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Secret to success

March 16th, 2017 / by / in: Jersey / No responses

Apparently, a key determining factor in realising the potential in someone to have success in life can be identified at a very young age. Fear not, this is not politics heavy post regarding opportunity and nature versus nuture, no no no. This is all about delayed gratification, and it as a marker to your personality type likelihood of succeeding at life. (Please let it be noted, I am not entirely sure what succeeding at life entails, as someone whose currently sitting outside my kids guitar lesson having just picked up the milk because our fridge has broken and the current milk is off, way within its sell by date, not to mention the eau-de-slowly-rotting-kale that is seeping out round the edges of the apparently not working fridge seal, winning at life is not something that I am convinced I have a handle on).

My kids have very different approaches to eating. Bear with me, this is a key demonstration of aforementioned delayed gratification. M will always eat her vegetables first, leaving her favourite food group (gravy if gravy counts as a food group, and if it doesn’t it should) to the end,and always clearing her plate because that is how you get pudding. C on the other hand, will coat her mouthful of Kale with potatoes to disguise it, and then leave the rest. Whilst on paper M may seem to have the edge on ‘future success’ C definitely has the upper hand when it comes to lateral thinking.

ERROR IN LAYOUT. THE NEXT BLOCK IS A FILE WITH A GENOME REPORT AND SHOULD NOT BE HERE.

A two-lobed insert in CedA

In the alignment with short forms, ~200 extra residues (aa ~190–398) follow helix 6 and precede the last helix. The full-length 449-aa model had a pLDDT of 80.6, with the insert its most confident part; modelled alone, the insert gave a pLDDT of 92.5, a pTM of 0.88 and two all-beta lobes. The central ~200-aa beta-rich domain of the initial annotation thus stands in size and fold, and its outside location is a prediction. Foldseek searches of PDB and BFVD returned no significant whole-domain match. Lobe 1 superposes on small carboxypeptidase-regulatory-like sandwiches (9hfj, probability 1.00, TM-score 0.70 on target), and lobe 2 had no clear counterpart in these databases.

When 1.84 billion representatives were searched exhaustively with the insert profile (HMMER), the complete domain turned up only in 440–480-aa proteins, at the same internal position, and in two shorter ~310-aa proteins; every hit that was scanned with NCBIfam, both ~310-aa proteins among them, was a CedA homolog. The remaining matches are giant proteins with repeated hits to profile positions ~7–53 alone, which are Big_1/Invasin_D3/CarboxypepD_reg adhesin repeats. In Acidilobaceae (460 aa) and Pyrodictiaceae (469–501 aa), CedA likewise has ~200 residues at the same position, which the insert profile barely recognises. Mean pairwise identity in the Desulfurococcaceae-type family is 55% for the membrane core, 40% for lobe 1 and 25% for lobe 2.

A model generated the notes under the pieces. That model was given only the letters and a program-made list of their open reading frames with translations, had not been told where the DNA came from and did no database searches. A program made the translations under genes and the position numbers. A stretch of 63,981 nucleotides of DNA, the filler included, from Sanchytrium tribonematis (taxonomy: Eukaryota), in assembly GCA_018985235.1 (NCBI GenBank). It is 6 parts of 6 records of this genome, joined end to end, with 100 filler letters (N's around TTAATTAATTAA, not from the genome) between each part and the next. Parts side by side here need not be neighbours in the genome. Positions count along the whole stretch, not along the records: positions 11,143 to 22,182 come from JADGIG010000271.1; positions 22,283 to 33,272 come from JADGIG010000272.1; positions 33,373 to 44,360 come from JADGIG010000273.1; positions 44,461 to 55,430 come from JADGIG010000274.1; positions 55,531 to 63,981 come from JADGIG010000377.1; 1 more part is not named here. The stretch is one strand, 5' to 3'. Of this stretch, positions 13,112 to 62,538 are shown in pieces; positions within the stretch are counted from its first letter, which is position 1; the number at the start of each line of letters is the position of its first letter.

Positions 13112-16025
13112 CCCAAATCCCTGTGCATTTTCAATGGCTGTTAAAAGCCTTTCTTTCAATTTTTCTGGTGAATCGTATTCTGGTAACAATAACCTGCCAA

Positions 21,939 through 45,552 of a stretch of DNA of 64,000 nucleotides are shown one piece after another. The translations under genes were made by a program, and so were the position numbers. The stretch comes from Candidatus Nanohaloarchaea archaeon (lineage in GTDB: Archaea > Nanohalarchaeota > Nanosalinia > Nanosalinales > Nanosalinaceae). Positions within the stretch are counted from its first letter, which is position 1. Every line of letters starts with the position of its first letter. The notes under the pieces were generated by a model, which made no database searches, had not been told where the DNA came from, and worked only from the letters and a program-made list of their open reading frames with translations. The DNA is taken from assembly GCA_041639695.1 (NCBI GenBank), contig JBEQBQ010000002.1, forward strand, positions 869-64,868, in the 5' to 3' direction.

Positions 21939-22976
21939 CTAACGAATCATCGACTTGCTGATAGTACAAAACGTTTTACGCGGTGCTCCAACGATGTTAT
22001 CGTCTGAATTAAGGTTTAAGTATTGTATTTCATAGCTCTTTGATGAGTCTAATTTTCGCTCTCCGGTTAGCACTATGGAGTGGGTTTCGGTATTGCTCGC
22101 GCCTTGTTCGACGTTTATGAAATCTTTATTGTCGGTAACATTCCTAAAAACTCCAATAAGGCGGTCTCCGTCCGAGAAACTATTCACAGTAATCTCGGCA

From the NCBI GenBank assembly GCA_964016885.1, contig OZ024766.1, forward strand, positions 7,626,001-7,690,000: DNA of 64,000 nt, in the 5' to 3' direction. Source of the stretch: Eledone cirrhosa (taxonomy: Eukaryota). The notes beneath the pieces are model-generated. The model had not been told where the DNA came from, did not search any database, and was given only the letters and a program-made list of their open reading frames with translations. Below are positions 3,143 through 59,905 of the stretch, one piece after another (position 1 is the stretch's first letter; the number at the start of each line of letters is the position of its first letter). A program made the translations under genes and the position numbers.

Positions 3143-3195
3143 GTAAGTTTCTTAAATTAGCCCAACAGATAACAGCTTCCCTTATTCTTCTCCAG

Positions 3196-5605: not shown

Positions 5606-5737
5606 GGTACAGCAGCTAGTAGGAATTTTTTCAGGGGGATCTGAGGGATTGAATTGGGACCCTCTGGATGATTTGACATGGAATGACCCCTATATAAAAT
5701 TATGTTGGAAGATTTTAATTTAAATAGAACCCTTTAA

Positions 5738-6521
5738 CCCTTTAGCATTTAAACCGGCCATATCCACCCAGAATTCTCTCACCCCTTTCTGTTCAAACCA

C is also the Queen of decisiveness. No regrets that one, goes with her gut, doesn’t over think. M on the other hand has been known to spend an entire morning choosing between granola and pancakes, so much so that by the time she has decided (and it always involves tears) it’s essentially lunch, and the need to even make that decision now moot. She does not like to close doors. (Except on her least favourite food groups.)

A week ago I had an ASOS splurge. I needed some spring attire, and I got carried away by the blossom on the trees and ordered some very out of character pieces including a particularly fetching fuchsia pink off the shoulder jumpsuit…. quite…. Due to a combination of sea fog and living on an island, I then had to wait a full week for them to arrive. And by the time they arrived, I had forgotten all about the excitement, and all (bar the Breton, vintage style sunnies, and black top – you can never have too many) are boxed up and on their way back to the ASOS warehouse.

When I lived in the UK, my ASOS (and other online clothing stores) habit was becoming a problem. I kept very little, but it all arrived next day. No waiting. Instantaneous (not actually, but pretty much) and I took it for granted. I was at the post office everyday anyway, so it was a fun diversion from actual work to order some stuff to arrive the next day, try it on, and then send some of it back. I know I’m not alone. When buying in shops, I would only ever take in things that I would conventionally wear to the fitting rooms. Online, things like dungarees seemed a good idea. As did that aforementioned pink jumpsuit. There was little waiting involved. Such as with many things in life now, want it? It can be delivered next day.

Except when you live on an Island like the one I do.

So what this waiting should be doing is making me more successful right?

No. It’s not. I’m just horribly impatient and it takes a week for me to realise that on occasion all reason, sense and fashion leaves the building and finds itself on my credit card, having to wait three weeks to be refunded instead of the 3-5 days it used to be. And, for the record, I would always take the glass of wine now, rather than the bottle tomorrow. Read into that what you will…


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